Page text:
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Old 01-05-2011, 11:11 AM   #1
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Kayak carriers

I was wondering if there are kayak carriers that can be used to carry a kayak on Airstream trailers. thanks
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Old 01-06-2011, 08:37 AM   #2
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Kayak on Airstream

I would never carry a Kayak on our trailer. We carry our's on Yak Rack's on the TV. Possible leak's and Denting the trailer getting the Kayak on/off would be a problem. An option would be a Folding Kayak ie: Folbot ,Klepper or Feathercraft. You should also use a Bow line to Secure the Kayak to front Bumper area.
Why do you need to carry Kayak on the trailer?
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Old 01-06-2011, 09:20 AM   #3
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Car top carriers are the safest most secure way to go. Yakima makes some really good ones and Tule are also good. I would not attach a rack to the Airstream. Now if you buy the brand new Eddie Bower Airstream, no problem, just lift up the the back tail gate and load those kayaks right into the Airsteam itself. That seems ok. The advantage of the car top carrier is that you have a way to transport the boats when you are not using the AS plus many put in and take out places are narrow and restricted and not suitable for a trailer.
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Old 01-06-2011, 10:04 AM   #4
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I would also not put a kayak rack on the Airstream. At a minimum, it would be very hard to get the kayak up there, potential for damage to the Airsteam. We have a Yakama rack on top of the truck bed cover and it works well. Before we got the rack, we had inflatable kayaks, Advanced Element brand, and that worked well also. They were very good inflatables, and we liked them, but did not like deflating, cleaning, drying, and packing them after an already tiring day on the water.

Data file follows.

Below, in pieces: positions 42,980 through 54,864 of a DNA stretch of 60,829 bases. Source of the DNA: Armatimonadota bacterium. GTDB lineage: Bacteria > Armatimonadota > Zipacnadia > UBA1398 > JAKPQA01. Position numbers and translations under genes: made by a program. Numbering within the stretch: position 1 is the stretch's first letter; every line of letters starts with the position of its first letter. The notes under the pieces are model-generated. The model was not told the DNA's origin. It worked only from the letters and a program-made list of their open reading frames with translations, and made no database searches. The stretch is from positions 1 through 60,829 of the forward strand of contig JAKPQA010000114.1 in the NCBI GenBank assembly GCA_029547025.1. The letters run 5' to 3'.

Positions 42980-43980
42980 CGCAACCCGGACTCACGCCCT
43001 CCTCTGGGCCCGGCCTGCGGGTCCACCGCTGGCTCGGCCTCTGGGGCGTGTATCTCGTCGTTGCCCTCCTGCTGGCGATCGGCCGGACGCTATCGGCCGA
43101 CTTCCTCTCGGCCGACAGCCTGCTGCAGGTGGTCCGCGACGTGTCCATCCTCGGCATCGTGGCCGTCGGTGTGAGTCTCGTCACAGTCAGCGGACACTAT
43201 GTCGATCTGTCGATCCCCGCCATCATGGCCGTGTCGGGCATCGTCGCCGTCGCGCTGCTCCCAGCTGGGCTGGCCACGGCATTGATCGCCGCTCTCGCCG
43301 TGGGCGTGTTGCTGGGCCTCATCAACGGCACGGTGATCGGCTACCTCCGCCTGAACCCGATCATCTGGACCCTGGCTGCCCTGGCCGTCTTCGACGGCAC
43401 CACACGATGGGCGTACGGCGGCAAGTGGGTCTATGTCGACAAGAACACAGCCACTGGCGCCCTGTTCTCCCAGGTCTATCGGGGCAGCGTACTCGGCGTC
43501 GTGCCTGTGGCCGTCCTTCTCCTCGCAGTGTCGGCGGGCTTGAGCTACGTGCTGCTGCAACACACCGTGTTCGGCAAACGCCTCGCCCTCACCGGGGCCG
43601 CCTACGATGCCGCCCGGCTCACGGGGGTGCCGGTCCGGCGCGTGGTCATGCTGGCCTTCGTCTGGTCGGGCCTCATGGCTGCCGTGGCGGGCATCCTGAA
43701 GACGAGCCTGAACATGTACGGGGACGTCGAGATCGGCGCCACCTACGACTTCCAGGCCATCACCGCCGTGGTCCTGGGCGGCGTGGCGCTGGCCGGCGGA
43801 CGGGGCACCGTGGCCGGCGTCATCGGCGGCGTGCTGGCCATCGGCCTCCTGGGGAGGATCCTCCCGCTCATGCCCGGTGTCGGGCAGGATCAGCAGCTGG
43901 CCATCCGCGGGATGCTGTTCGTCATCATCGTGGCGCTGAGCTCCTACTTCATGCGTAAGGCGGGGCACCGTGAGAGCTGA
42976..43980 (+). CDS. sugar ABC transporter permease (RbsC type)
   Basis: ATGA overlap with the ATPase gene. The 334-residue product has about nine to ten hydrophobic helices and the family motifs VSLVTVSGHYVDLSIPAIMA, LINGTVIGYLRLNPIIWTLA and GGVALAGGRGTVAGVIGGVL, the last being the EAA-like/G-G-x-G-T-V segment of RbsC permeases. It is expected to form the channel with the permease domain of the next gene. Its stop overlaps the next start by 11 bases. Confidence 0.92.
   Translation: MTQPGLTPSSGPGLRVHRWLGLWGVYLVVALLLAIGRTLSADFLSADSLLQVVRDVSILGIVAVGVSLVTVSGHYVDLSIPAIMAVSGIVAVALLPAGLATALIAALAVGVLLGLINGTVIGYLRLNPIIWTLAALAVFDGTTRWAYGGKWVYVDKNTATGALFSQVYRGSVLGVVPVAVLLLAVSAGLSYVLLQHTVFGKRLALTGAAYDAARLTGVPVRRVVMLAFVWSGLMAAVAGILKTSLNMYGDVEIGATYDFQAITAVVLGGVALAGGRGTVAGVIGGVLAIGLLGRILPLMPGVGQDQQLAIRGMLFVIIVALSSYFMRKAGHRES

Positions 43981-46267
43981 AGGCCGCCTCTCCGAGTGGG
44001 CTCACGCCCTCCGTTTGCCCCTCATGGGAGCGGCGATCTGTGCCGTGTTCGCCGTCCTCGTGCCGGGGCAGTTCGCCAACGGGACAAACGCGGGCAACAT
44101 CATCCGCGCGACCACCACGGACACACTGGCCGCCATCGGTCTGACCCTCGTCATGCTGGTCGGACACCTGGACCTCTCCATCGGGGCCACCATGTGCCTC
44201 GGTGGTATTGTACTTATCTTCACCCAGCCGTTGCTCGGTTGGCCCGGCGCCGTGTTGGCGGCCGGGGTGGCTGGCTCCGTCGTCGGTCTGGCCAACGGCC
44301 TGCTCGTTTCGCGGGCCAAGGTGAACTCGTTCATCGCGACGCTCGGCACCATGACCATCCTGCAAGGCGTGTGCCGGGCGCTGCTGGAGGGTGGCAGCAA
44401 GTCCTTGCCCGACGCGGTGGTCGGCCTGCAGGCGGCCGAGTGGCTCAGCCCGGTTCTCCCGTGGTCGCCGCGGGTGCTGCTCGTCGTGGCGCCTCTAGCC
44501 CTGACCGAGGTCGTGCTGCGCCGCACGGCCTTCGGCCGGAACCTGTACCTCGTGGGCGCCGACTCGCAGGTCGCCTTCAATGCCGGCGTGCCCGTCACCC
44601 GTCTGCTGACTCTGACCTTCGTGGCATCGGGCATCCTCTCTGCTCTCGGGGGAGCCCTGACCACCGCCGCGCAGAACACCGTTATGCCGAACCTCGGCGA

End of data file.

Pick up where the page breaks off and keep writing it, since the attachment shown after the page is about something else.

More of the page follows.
However, I have seen people mount kayaks on the back of SOB fifth wheels, and that seemed to work OK. After all, who cares if you damage one of those! :-)
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Old 01-06-2011, 10:32 AM   #5
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I can't come up with any feasible way to carry our kayak directly on the Airstream. We carry our tandem Hobie in a Thule Hullavator on the roof of the Suburban.

Brian
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Old 01-06-2011, 10:34 AM   #6
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I had this fanciful idea well before getting into Airstreams -- seemed like it was a logical place for a canoe. It would be nearly impossible to load a kayak over the upper body curve. Doing this from a ladder wouldn't be safe. The process would be clumsy -- you'd put dings into skin for sure. And dings don't pull out.

How clumsy? I use a 4' ladder to help me get a kayak to the top of my truck cap. My Yakima Bowdown saddle is right at 7' above the ground. It's clumsy! It'd be easier with 2 ladders & 2 people -- too much sugar for a dime. But getting to the top of an Airstream over that curve -- you'd put dents into the Airstream and probably the people with some regularity.

And there just isn't much free space on the roof -- 4 or 5 square feet here, a few more over yonder, etc.

Mounting on the bumper is totally out of the question. Carry it on the tow vehicle.
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Old 01-06-2011, 10:44 AM   #7
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I have the Thule truck rack system which works great. And it looks good on the truck as well.
You can get attachments for the system to carry bikes, kayaks or just about anything. However, you don't need the extra attachments for kayaks. I just put some pads on the crossbars and can strap 3 kayaks side by side.
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Old 01-07-2011, 02:12 PM   #8
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Thanks for the info. I will be selecting some sort of rack for my tahoe, my dad just thought he had seen a picture of some kind of system for the trailer. Kelly